The notice, along with a recovery in the stock market, had a chilling effect on demand for indexed annuities. Allianz's net written premiums fell 20 percent last year to $10.5 billion.
Zesbaugh, the CEO who presided over Allianz's growth surge, left the job last November, citing personal reasons. Two former company executives believe the drop in sales played a part in his departure.
The NASD fined Allianz's brokerage subsidiary, USAllianz Securities, $5 million last year for widespread record-keeping and compliance violations, a major penalty for that type of infraction.
According to the NASD, USAllianz didn't have enough trained supervisors from 2001 to 2006 to oversee its thousands of brokers. (The brokers sold equity-indexed annuities as well as some products that insurance agents are not allowed to sell). Supervisors frequently didn't know which brokers they were responsible for, and many brokers could not name their supervisors, the NASD said.
At the end of 2004, USAllianz employed only four compliance officers to monitor 800 to 900 brokers nationwide, the NASD said. The company also didn't keep records of broker e-mails, the NASD said.
Allianz executives insist that the NASD settlement was an isolated case and that the company has fixed those problems.
CEO Bhojwani said the company has gone beyond industry standards to prevent unsuitable sales.
Allianz said it was the first insurer in the nation six years ago to require potential customers to sign a detailed document, or "statement of understanding," describing an annuity's terms and risks.
Allianz also now requires that every annuity buyer fill out a "suitability form" that includes questions about net worth, objectives and liquid assets. Out of the 3,000 applications Allianz receives per week, the company red-flags 5 to 10 percent for further scrutiny. About 20 percent of that total are rejected as unsuitable, Bhojwani said.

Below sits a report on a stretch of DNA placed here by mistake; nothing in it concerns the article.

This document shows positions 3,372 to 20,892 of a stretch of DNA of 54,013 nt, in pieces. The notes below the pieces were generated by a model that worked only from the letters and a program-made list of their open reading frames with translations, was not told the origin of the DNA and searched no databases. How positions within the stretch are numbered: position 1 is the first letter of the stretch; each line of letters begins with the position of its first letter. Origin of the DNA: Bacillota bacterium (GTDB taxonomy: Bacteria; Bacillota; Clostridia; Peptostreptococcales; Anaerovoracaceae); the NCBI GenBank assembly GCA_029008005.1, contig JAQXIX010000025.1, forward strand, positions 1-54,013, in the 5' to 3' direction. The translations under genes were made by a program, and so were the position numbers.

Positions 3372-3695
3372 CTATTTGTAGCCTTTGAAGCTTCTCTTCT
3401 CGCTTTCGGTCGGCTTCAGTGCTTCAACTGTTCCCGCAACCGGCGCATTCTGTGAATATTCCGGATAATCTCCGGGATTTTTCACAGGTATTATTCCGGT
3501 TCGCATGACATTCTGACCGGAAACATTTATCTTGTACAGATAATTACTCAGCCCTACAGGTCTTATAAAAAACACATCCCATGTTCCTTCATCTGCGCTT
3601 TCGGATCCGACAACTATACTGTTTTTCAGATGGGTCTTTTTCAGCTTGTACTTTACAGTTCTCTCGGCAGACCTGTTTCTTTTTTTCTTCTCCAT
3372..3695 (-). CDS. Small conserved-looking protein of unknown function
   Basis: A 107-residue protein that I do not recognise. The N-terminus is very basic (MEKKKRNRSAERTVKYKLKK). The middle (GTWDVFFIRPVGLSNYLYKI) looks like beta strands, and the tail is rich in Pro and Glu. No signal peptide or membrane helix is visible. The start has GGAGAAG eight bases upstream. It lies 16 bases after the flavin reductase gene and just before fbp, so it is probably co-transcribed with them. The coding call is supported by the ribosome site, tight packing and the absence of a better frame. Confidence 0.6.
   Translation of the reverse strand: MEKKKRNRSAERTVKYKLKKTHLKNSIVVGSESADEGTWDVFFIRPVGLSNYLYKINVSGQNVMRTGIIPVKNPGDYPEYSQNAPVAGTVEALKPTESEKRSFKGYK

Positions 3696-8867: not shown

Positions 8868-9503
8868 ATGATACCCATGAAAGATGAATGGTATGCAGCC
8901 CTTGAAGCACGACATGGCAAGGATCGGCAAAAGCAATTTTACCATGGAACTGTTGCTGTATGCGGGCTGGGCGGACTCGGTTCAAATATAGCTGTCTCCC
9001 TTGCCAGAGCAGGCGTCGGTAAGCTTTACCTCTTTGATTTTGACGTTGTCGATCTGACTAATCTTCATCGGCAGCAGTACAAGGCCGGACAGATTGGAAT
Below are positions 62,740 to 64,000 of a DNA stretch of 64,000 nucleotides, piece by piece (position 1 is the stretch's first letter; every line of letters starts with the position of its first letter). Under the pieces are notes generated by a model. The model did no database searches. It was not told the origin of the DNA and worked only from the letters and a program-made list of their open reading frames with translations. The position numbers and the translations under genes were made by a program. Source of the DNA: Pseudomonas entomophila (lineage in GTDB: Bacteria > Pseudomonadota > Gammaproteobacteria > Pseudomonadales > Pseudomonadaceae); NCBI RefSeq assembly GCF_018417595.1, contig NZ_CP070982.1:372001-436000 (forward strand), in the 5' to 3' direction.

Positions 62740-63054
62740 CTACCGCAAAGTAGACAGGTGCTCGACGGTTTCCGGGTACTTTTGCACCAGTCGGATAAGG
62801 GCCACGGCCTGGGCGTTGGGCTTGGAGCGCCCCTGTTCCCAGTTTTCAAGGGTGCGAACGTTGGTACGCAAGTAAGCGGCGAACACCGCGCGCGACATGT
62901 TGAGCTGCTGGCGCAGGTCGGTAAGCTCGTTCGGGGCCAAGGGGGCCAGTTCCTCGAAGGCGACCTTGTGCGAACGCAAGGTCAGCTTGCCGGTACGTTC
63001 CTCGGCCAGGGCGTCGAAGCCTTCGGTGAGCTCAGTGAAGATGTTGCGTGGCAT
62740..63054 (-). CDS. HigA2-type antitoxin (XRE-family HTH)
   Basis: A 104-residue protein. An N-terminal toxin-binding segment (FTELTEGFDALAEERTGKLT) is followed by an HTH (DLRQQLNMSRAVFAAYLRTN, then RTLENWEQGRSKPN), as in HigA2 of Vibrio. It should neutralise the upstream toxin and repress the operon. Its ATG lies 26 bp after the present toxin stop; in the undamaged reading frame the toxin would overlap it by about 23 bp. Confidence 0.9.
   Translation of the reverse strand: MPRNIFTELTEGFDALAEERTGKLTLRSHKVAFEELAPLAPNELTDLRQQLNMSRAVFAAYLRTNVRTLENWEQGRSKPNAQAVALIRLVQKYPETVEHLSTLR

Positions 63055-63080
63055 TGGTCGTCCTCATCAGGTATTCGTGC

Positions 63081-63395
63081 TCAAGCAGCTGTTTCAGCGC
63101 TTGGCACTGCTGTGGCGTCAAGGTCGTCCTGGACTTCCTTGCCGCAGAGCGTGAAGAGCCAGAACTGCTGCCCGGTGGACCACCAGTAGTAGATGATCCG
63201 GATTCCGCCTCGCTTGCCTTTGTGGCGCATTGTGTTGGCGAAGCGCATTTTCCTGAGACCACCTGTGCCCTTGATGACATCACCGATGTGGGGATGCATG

The company recently created the position of chief suitability officer, reporting directly to Bhojwani and charged with requiring agents to follow a code of conduct. Beginning sometime after October the company plans to call every new annuity buyer age 75 or older to make sure they understand the product and to offer a full refund if requested.
"I feel deeply that even one unsuitable sale, even one customer who feels like they got something they didn't want or didn't understand or what have you, even one is not something that we're happy about," Bhojwani said.
Attorney General Swanson said Allianz hasn't done enough. For example, she said the company's suitability form doesn't anticipate future changes in a customer's income and expenses, key factors in making a long-term investment.
"Allianz is intentionally remaining ignorant to give them some cover so they can continue to sell annuities," Swanson said.
Debra Speyer, a Philadelphia investor-rights attorney who formerly worked in the enforcement division of the NASD, is skeptical that the company can avoid creating angry buyers.
Allianz's annuities "are so complicated that you almost need a Ph.D. to understand them," she said. "No amount of forms will make them understandable."